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Street Interviews With Kyle Keller The Anatomy Of Viral Street InterviewsStreet Interviews With Kyle Keller The Anatomy Of Viral Street Interviews


Street Interviews With Kyle Keller: The Anatomy Of Viral Street Interviews

Street interviews are a hot topic on social media, and creating your own is very easy according to Kyle, as long as you’re willing to put in long hours of recording and introduce something new. 

With endless creators doing street interviews, Kyle Keller is a creator that many will recognize from the viral LooksMaxing video. 

A content creator bound by no specific theme or format. His flair for comedic situations, background in journalism, and enthusiasm for engaging with new people are a few of the driving factors to his success.

Read along to learn more about what makes a viral street interview and how Kyle manages to make one hit video after another. 

Who is Kyle Keller Off-camera? 

Street Interviews With Kyle Keller: The Anatomy Of Viral Street Interviews

“A toned-down version of what you see on camera, and I consider myself an introvert at heart,” he tells us.

“These interviews require high levels of energy and often entail long hours of engaging with 

different people. I’m certainly not playing a character; I just work to communicate an amplified version of who I am off-camera.”

Why Street interviews, And How Did It Start?

He quickly answers, “I do street interviews because they work, I enjoy making them, and they require minimal scripting and character playing. If your interview questions are interesting enough, you’re bound to succeed.”

“I tried informative and vlog content in the past, but the first few videos were not as engaging as my first street interview videos. They were born out of the urge to come up with something that’s easier to consume and appeals to a broader audience.”

Where Did The Inspiration To Do Street Interviews Come From?

“I studied journalism at Virginia Tech College, and part of my assignment was interviewing locals for newsworthy topics, and I really enjoyed it.”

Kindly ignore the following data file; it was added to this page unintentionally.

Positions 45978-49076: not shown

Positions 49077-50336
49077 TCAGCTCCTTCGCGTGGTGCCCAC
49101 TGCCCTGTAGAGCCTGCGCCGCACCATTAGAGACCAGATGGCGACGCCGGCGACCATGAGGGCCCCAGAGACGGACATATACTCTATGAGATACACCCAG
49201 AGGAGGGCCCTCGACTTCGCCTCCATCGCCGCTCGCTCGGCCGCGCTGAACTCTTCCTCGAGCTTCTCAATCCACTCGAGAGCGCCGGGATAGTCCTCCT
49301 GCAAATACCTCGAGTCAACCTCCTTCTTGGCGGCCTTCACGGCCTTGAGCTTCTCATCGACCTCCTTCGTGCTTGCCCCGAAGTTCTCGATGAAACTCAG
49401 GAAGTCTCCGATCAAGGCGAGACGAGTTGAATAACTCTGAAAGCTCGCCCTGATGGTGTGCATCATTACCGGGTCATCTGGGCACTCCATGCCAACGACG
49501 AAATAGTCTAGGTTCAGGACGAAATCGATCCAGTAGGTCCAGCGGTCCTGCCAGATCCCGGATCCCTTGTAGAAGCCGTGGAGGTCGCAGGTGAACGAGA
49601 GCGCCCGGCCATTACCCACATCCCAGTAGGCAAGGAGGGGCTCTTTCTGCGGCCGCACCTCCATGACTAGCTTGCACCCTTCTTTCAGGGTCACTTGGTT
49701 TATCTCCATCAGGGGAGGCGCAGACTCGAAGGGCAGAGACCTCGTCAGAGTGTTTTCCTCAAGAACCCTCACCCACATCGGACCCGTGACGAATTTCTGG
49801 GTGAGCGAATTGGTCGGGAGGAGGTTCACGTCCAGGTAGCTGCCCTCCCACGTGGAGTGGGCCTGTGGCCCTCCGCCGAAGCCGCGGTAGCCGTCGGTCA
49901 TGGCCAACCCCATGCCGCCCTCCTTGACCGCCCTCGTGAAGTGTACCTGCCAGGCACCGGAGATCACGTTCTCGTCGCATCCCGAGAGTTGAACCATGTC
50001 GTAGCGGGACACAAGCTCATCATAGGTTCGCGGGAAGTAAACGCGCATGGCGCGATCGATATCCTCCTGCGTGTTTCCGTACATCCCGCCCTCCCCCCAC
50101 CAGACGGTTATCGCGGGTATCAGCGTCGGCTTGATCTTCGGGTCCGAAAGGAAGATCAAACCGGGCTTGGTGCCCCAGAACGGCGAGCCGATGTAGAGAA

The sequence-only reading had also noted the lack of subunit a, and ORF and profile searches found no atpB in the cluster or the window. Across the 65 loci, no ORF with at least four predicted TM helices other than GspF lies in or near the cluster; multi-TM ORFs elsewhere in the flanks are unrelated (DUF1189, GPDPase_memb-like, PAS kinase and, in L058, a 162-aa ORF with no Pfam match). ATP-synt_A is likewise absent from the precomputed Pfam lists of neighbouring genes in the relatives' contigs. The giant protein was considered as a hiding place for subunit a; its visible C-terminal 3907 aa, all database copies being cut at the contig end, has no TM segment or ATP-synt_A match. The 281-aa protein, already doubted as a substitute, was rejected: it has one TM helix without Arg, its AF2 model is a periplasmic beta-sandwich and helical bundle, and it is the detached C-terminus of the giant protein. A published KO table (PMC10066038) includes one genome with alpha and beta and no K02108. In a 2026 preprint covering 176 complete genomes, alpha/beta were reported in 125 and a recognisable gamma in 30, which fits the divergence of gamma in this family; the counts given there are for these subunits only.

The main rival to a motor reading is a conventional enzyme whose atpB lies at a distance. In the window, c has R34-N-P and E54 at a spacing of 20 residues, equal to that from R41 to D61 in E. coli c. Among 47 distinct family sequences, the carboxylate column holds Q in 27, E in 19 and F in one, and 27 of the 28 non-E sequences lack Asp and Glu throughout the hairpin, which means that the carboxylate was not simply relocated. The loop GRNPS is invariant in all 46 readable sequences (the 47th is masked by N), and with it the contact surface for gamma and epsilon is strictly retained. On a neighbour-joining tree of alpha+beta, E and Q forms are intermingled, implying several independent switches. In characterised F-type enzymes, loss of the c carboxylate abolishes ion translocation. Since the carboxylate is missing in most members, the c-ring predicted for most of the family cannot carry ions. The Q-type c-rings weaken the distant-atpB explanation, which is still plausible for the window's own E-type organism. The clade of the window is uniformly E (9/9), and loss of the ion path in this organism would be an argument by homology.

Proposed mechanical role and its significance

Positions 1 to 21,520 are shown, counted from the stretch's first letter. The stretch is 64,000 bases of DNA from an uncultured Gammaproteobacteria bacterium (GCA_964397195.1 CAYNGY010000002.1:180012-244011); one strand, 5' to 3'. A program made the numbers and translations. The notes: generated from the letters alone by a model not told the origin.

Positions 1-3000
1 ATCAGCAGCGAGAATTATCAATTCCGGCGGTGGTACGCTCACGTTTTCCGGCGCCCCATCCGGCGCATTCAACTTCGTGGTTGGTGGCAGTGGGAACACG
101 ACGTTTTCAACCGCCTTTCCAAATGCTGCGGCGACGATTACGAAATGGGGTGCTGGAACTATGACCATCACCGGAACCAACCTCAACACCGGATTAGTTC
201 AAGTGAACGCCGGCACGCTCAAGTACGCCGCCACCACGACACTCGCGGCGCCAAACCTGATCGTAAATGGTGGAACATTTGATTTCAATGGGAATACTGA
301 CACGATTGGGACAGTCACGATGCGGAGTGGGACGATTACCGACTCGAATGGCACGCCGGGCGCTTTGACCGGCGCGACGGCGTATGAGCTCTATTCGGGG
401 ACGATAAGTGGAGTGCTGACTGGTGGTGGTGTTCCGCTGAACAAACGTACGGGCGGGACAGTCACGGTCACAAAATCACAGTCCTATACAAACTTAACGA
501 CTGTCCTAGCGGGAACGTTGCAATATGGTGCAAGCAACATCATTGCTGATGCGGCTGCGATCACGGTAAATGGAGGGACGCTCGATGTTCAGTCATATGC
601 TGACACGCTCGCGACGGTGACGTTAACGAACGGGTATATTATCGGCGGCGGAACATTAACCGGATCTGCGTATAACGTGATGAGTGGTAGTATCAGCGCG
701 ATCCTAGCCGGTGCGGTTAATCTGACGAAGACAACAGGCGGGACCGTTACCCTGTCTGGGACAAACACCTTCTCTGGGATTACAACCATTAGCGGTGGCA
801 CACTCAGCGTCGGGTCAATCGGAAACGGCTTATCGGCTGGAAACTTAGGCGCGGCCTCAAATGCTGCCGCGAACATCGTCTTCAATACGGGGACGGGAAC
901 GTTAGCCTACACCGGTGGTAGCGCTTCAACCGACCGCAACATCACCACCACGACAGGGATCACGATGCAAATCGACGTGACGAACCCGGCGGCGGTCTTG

“After noticing the potential, I started doing college campus videos interviewing students during special events, and it took off. Everyone loved seeing their friends on camera.”

Kyle also explains that doing street interviews allowed him to talk to people that he wouldn’t have otherwise, stating “It is so interesting that people are more open to conversation when there’s a camera in their face.”

He gives an example of one of his first videos, telling us, “I remember we had the hip-hop artist Gunna perform, and I capitalized on the opportunity, interviewing people who seemed like they were having a blast, and featuring people with high energy levels.”

Wrapping up his answer, he tells us, “I found much of the inspiration to do college videos from creator Shan Rizwan. But college videos were only a temporary thing that I knew wouldn’t last, so what I’m doing right now is essentially the best alternative to college videos.”

What Does The Preparation Process Look Like?

Street Interviews With Kyle Keller: The Anatomy Of Viral Street Interviews

“There is almost no standard process, and through endless interviews, I developed more like a basic framework I follow for each video that I’ll share with everyone.”

  1.  Choosing The Interview Questions

“This is the basis of everything else: if your questions are not engaging or require the audience to think and recall previous experiences, you will not get a good interview:”

Good Examples Of Questions I Learned To Avoid Include:

Would you rather have a gay son or thot daughter? 
What is the craziest thing that ever happened to you?
What do you look for in the perfect partner?